In the live medium of its essential imperfections, Autophagiography is virtually-actually worse and better than this world, a worst best and best worst that would prove to open a way to paradise, if only if it were possible to read it properly. One can only hope without hope that its authors somehow find happiness in this sphere or the next, or at least in a weird new somewhere that is neither.
July 22nd, 2014 / 12:00 pm
by Chun Sue
Riverhead Books, 2004
240 pages / $17.00 buy from Amazon
In the world of Chinese lit translated, a common branding method is to plaster somewhere on the cover: China’s Banned Bestseller or The Controversial Banned Sexual Exploration, A New Generation, and so on. Goodreads has at least two lists of China’s Best Banned Books – and it’s become a sort of nerd-o-meter to detect new-to-the-genre readers by seeing if they’re lured to the Banned Bestseller stuff or to more ‘serious’ Classics or Mo Yan (technically banned, but, acceptable).
July 8th, 2014 / 5:01 pm
The Fun We’ve Had
by Michael J. Seidlinger
Lazy Fascist Press, 2014
168 pages / $11.95 buy from Amazon
How do you write a thrilling and entrancing Alt Lit novel?
Start with a chorus of disembodied voices telling us that “the waves are helloes; the incoming storm the sincerest goodbye. Like every single one of us, they are holding on. We held on until we could no longer hide. No one can hide out at sea.”
June 24th, 2014 / 12:00 pm
Forced Entries: The Downtown Diaries 1971-1973
by Jim Carroll
Penguin Books, 1987
196 pages / $15.00 buy from Amazon
Although The Basketball Diaries was blanched by LEO, High School English, and pop revisionism, Forced Entries, Jim Carroll’s 1987 follow up still has a lot of charm.
Subtitled The Downtown Diaries 1971-1973, this book tackles the emergence of the lost and romanticized Downtown scene. As a poet, Carroll was active in readings at St. Mark’s Cathedral and a Warhol Factory regular. It’s a short book, under two hundred pages, and it’s framing as diary entries allows Carroll a soft touch as he relates observations and anecdotes.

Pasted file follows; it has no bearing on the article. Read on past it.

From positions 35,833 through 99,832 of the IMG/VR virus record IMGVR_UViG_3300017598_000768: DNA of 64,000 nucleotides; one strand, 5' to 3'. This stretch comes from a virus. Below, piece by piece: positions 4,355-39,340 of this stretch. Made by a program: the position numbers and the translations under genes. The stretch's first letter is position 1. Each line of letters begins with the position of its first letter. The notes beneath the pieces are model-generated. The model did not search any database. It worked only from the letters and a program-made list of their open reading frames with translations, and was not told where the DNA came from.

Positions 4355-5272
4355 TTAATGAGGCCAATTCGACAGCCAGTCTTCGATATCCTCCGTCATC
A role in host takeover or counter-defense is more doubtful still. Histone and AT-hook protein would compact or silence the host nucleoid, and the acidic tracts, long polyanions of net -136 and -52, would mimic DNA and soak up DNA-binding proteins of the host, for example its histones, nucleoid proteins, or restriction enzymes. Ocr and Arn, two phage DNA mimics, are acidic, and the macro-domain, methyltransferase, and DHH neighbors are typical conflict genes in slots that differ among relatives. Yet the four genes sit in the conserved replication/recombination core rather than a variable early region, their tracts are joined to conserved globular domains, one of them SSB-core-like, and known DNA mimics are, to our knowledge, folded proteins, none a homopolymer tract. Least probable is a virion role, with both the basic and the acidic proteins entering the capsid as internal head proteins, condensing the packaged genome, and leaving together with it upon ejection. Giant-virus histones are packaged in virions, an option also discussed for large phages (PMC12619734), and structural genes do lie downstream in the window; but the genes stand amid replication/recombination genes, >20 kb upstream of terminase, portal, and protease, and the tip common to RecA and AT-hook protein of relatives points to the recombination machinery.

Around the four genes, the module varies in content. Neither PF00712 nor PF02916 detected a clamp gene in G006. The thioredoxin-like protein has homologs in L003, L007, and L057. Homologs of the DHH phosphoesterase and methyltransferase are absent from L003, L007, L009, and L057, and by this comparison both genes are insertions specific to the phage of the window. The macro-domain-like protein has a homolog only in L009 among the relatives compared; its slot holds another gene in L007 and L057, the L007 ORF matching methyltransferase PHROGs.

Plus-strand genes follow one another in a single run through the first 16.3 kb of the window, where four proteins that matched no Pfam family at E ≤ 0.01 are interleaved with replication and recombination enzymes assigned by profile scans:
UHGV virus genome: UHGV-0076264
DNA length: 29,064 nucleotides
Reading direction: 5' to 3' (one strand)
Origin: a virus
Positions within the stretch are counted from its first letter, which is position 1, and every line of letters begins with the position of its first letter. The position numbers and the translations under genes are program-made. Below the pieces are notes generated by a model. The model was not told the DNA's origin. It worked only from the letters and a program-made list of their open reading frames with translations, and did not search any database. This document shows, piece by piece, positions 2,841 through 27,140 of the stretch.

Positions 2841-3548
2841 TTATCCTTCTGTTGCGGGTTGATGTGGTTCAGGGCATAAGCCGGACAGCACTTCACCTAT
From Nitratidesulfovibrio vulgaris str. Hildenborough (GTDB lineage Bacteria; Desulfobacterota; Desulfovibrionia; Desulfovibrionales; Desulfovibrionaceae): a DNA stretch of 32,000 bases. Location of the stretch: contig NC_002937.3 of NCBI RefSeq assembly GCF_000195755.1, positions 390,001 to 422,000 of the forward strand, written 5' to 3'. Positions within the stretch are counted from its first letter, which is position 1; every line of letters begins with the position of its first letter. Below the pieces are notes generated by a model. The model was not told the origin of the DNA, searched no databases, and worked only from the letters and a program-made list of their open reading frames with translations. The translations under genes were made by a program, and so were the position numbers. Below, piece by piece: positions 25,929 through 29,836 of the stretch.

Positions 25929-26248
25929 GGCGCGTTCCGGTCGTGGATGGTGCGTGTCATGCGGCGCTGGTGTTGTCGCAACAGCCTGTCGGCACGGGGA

June 17th, 2014 / 12:00 pm
by Dash Shaw
32 pages / $5 buy from Fantagraphics Books
Dash Shaw’s other comics, especially 2010’s BodyWorld, push the boundaries of the comics medium in exciting ways, but they can also be daunting, especially to readers who are not comfortable knowing which panel to read when in a comic book—let alone be ready to turn the pages on their axis. However, Cosplayers is a much more accessible starting point in Shaw’s oeuvre. The one-shot does not play with form as much as Shaw’s other work, but it still showcases his lush color palette and his adventurous concepts.
June 3rd, 2014 / 12:00 pm
by Trevor Owen Jones
Punctum Books, 2014
104 pages / open-access (e-book), $11.00 (print) buy from Punctum Books
Already a few years ago now you composed a correspondence to mark the appearance of Judith Schalansky’s Atlas of Remote Islands: Fifty Islands I Have Never Set Foot on and Never Will. I return to that correspondence, on the publication of your first book, The Non-Library, because to do so seems to me somehow apposite. That may be the reason I find myself writing to you, to try to understand my sense of just why. READ MORE >
May 15th, 2014 / 1:15 pm